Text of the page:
It for everyone to stand erect when the song is played as a sign of respect to the Nigerian nation.

Normally before the commencement of any official meeting or plenary in the country, the national anthem is first sung.

The present national anthem which is up of two verses, and in the year 1978 replace the former anthem, “Nigeria we hail thee”, which sung at independence.

The present national anthem was written and compose by the Nigerian police band under the directorship of late Pa Benedict E. Odiase.

Arise O' Compatriots,
Nigeria's call obey
To serve our fatherland.
With love and strength and faith
The labour of our heroes' past

Shall never be in vain
To serve with heart and might
One nation bound in freedom, peace and unity
The second verse is usually called the national prayer
Oh God of Creation

Direct our noble cause
Guide our leaders right
Help our youth the truth to know
In love and honesty to grow
And living just and true

Great lofty heights attain
To build a nation where peace and justice shall reign

6. The National Pledge

The National Pledge composed by Prof. (Mrs.) Felicia Adebola Adedoyin in June 1976.

Hence, in September 1976, General Olusegun Obasanjo made it compulsory for all Nigerian schools to recite the national pledge on the assembly ground every morning.

That’s how the singing of the national pledge in Nigerian primary and secondary schools started and continues to date.

I pledge to Nigeria my country
To be faithful loyal and honesty
to serve Nigeria with all my strength
To defend her unity and uphold her honour and glory
So help me God

Other National Symbols of Nigeria

Apart from that of authority and history, other Nigerian national symbols signify other aspects of the beautiful nation, and they are:

7. The Nigerian National flower

The National flower is called Costus Spectabilis, also known as the yellow trumpet.


But for an unexplainable reason, the flower is paint in red on the coat of arms.

The national flower represents the beauty of the Nigerian society.

It is one of the most common flowers in the country, as can be seen everywhere.

8. The Nigerian Naira

The Nigerian Naira has the official currency of the country.

Also, it is a medium of exchange in business and financial transactions within or outside the Nigerian nation.

The naira was adopted on 1st January 1973, to replace the British pound sterling.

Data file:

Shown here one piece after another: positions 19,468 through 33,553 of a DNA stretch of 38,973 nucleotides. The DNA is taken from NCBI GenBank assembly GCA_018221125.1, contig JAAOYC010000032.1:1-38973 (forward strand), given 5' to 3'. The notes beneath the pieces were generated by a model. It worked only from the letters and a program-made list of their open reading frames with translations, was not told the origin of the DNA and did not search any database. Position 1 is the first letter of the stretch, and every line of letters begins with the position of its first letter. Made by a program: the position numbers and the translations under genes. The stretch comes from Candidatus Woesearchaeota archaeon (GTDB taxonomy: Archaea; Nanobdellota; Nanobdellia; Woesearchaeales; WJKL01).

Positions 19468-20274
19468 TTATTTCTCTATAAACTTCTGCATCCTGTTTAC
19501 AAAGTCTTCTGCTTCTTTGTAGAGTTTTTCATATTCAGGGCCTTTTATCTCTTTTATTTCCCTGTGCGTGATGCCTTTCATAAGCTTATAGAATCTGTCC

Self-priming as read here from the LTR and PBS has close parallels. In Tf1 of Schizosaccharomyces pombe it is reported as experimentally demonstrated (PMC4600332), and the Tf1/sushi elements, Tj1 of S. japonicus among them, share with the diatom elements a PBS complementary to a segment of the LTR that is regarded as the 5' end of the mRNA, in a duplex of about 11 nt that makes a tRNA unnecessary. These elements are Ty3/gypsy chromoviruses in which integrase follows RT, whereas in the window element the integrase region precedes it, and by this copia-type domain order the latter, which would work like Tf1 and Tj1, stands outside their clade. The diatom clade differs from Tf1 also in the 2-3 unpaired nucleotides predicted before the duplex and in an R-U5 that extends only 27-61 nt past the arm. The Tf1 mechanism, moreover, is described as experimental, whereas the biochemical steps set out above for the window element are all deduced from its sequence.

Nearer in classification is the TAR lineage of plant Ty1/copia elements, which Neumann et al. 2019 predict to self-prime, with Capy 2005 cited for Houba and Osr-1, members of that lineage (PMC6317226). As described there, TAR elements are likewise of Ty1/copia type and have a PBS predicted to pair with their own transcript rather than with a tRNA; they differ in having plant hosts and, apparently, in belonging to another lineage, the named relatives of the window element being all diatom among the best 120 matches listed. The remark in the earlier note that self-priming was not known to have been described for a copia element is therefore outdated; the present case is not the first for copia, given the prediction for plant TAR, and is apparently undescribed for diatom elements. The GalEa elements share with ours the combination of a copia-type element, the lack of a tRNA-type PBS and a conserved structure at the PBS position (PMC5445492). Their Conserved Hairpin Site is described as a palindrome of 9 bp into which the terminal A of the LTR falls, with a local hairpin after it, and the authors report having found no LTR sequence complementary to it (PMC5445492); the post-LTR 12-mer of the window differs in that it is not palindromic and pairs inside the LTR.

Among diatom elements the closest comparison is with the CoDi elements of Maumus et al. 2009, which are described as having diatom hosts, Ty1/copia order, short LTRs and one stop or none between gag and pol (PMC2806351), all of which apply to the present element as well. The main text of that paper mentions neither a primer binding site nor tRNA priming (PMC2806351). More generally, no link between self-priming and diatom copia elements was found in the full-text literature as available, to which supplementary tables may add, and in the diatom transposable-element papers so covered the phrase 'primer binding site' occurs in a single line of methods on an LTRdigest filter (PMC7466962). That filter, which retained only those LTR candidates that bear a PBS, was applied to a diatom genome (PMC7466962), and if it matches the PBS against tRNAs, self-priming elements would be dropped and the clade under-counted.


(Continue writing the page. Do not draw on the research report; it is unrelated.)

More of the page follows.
But the naira notes were not all introduced at the same time.

It was a gradual event.

On 1st January 1973, the central bank introduced the notes for 50 kobos, NI, N2, N3 and N20.

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In 1991, the N50 notes were introduced, followed by N100 in 1999.

Then N200 in 2000, N500 in 2001 and lastly the N1000 note was introduce on 12th October 2005.

Amongst the Nigerian national symbols, only the naira is said to symbolize the Nigerian economy.

For the state of the economy determines the value of the naira in both the international and national markets.

If the economy of the country is weak, the value of the naira deteriorates, while if the economy is strong, the value of the naira increases.

9. The Nigerian Armed forces

The Nigerian armed forces consist part of the executive arm of the Nigerian government.

It stands for the country’s defence and shield of protection.

And also, the Nigerian armed forces have been well known across the borders of the country for their selfless peacekeeping mission to other African countries.

This gained Nigeria the name, “the big brother of Africa”.

Their uniform colours are known to be fierce-looking, and so no individual outside the armed forces is permit to wear the colour of any of their uniforms.

If one does, he or she will be severely punish, as it is a disrespect to the armed force.

10. The Nigerian Colours

The colour green and white is regard as the official colours of the Nigerian nation.

The colours on the national flag are of high importance and meaning.

The green colour represents the Nigerian rich natural resources base, while the white colour stands for peace and unity.


Normally, Nigerians wear clothes of green and white colours on every 1st October to celebrate independence.

Also, when Nigerian athletes go to the Olympic to represent the country, they usually carry or tie a small cloth of green and white colour on their necks as a representation of where they are coming from.

Therefore Nigerian national symbols convey our ideals and values. Respect is given to them as an act of nationalism and patriotism.

The notion of a true Nigerian is manifest in one’s attitude towards the national symbols. Are you a true Nigerian? Then do the right thing.